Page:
July 2017 books read

I was talking to Jonathan about my pattern with this blog since its inception: I really enjoy having written each post, but don’t get to it very often because it takes time and energy, and then the books pile up physically and psychically because I impractically think I’ll do each one. He suggested that I just do the ones I actually get to, which I’ve attempted before. But starting in 2016, while my blogs were down, I started just a running list and that was satisfying in its own way. So my compromise idea is to make a list and link in the posts if I actually write them.

  • The Sea-Gull – Anton Chekhov, 1895 – in preparation for seeing Aaron Posner’s Stupid Fucking Bird at Silverthorne, which was great!
  • Hillbilly Elegy – J.D. Vance, 2016
  • A Canticle for Leibowitz – Walter Miller Jr., 1960
  • How to Become a Straight-A Student – Cal Newport, 2006
  • The Noise of Time – Julian Barnes, 2016
  • The End of Night: Searching for Natural Darkness in an Age of Artificial Light – Paul Bogard, 2013
  • Père Goriot– Honoré de Balzac, 1835
  • The Immaterial Murder Case – Julian Symons, 1945
  • Emily Dickinson Is Dead – Jane Langton, 1984
  • J’irai cracher sur vos tombes – Boris Vian (as Vernon Sullivan), 1946
  • And Five Were Foolish – Dornford Yates, 1924
  • As Other Men Are – Dornford Yates, 1925
  • Deep Work: Rules for Focused Success in a Distracted World – Cal Newport, 2016

Père Goriot– Honoré de Balzac, 1835

This was the July selection for the Great Books group. I read the original French as an epub first and then the translation by A. J. Krailsheimer in paper, so the latter is what I flagged for quotes. My reading French is still very good (I was bilingual as a kid and went through the French school system all the way through high school, but my oral French is pretty lousy now), but I knew I would still miss some context and I always like being able to compare to the translation. This one is very good! The only strange thing I noticed was “plump as a presbytery cat” for “dodue comme un rat d’église” (literally “plump as a church rat”), which presumably was to avoid the confusing analogy with “poor as a church mouse.” It sounds like the connotation in Balzac is supposed to be more metaphorical: a civil employee of a parish, ie sort of feathering her own bed?

It was an interesting combination of social commentary—Rastignac experiencing the various levels of society—with a Lear-ish family drama of father spoiling ungrateful daughters, but to me overall too sentimental and exaggerated to feel real, without the saving humor and passion of a Dickens. A delightful, truly modern-feeling bit was the lodgers’ faddish appendage of “-rama” to various words, which made a strong contrast with the horrific 19th century medicine (Goriot on his death-bed being tortured with mustard plasters and moxibustion).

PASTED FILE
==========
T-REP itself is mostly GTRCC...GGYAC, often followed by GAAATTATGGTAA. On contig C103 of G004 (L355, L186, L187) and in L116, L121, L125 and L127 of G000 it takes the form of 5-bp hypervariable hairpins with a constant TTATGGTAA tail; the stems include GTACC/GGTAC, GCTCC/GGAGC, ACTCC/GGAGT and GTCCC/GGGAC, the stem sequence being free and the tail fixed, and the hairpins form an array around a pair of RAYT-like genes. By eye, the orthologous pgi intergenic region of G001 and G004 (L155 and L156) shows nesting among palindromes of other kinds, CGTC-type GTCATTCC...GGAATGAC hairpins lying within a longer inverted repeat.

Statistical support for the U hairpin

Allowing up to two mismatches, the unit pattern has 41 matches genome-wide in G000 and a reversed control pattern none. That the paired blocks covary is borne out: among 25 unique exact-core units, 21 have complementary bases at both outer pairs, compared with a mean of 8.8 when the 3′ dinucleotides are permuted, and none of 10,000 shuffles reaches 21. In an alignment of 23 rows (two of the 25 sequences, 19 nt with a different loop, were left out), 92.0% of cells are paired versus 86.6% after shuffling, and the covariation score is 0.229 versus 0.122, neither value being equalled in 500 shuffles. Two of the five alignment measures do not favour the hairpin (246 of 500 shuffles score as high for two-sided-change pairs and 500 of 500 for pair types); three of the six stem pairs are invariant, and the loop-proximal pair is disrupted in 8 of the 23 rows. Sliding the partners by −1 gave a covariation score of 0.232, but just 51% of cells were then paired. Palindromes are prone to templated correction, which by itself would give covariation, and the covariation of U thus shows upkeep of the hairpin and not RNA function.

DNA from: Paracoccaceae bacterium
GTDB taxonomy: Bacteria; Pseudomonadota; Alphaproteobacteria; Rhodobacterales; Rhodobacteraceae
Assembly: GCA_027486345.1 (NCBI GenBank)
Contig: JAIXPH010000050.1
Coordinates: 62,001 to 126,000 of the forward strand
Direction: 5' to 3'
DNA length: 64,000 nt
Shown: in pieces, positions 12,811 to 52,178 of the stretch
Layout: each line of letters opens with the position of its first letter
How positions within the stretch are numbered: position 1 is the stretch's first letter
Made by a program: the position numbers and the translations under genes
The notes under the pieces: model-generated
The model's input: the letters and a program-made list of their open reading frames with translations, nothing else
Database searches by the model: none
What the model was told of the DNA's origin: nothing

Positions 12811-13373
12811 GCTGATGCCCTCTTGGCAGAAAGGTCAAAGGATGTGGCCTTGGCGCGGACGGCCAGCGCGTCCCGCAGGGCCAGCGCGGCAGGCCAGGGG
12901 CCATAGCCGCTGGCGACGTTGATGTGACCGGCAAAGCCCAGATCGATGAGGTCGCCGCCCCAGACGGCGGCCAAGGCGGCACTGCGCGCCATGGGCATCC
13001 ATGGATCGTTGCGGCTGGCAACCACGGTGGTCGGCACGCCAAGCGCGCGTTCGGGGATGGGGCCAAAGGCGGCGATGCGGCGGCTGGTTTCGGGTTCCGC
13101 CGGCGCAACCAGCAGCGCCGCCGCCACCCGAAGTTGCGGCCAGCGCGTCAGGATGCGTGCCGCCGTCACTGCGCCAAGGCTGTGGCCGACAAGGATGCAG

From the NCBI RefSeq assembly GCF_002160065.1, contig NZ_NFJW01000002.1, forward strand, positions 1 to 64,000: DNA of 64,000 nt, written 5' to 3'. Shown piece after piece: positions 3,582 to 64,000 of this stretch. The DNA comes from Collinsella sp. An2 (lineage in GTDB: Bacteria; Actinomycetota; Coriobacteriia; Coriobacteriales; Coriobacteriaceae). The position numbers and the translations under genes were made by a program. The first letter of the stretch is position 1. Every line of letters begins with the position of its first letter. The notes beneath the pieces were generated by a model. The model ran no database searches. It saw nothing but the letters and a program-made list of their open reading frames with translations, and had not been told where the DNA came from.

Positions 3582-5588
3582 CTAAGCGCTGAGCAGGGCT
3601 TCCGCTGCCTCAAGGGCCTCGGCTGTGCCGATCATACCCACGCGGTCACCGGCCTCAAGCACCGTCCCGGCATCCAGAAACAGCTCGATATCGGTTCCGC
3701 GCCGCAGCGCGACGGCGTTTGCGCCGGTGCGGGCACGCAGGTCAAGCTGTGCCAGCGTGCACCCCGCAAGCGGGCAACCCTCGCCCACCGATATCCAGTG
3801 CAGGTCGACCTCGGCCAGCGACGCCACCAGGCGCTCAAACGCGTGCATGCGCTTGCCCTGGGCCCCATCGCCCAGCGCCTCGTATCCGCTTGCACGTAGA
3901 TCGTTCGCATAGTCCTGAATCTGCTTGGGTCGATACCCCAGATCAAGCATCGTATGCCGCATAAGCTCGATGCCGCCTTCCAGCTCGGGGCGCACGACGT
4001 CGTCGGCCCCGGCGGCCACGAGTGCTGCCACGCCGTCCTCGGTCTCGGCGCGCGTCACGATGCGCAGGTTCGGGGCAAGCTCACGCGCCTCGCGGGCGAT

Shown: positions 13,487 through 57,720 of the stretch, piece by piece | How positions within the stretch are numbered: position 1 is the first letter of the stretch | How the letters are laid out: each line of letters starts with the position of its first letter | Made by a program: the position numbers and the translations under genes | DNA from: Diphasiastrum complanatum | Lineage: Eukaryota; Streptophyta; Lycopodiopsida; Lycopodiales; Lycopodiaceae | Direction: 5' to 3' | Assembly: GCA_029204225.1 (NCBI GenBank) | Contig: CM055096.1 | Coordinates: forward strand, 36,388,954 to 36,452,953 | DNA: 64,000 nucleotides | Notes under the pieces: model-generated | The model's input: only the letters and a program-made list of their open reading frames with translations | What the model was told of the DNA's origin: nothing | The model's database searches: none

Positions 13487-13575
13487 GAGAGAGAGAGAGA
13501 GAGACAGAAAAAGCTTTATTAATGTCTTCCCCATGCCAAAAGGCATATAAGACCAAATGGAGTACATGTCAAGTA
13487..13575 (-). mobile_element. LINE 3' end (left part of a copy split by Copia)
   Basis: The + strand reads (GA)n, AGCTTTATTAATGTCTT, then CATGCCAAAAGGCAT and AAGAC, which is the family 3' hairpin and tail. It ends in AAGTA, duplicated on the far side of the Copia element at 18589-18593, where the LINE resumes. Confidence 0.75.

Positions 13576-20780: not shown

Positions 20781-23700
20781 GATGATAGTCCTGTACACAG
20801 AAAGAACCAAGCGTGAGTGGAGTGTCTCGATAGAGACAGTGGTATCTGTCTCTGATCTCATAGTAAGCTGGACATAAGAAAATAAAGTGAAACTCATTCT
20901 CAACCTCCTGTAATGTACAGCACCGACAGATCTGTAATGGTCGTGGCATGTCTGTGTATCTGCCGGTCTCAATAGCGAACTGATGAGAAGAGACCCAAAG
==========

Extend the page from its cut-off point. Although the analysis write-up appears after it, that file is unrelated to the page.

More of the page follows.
I guess this is going to be the norm for my book club entries: ending with the dump of quotes! (although it’s is only a subset of what I originally flagged)

…he finally lay down and slept like a log. For every ten nights that young men pledge themselves to work, they spend seven asleep. You need to be over 20 to stay awake.

Vautrin, the voice of the non-respectable outsider:

“Those who get spattered in their carriages are respectable people, those who do so on foot are rogues. Just have the bad luck to pinch something or other and you’ll be pointed out as a curiosity outside the Law Courts. Steal a million and you’ll be held up as an example of virtue in the salons.

No doubt ideas are projected in direct proportion to the force with which they are conceived, and strike where the brain directs them, by a mathematical law which may be compared to that governing the bombs shot out of a mortar. Their effects are varied. If there are sensitive characters in whom ideas lodge and wreak havoc, there are also armour-plated characters, skulls with bronze ramparts against which the will of others is flattened out and drops like bullets against a wall. Then again there are flabby, wooly characters on whom the ideas of others fall spent like cannon-balls harmlessly absorbed by the soft earth of the redoubt. Rastignac’s head was one of those that are filled with gunpowder and explode at the slightest shock. He had too much youthful intensity to be impervious to this projection of ideas…

Bianchon, the feet-on-the-ground medical student:

“For my part I am content with the modest living I shall make in the provinces… A man’s desires can just as easily be satisfied in the smallest of circles as within an immense circumference. Napoleon didn’t dine twice a day, and couldn’t take any more mistresses than a medical student doing his house training at the Capuchins. Our happiness, my friend, will always lie between the soles of our feet and the crown of our head. Whether it costs a million francs a year or a hundred louis our basic perception of it is just the same within us.”

The Noise of Time – Julian Barnes, 2016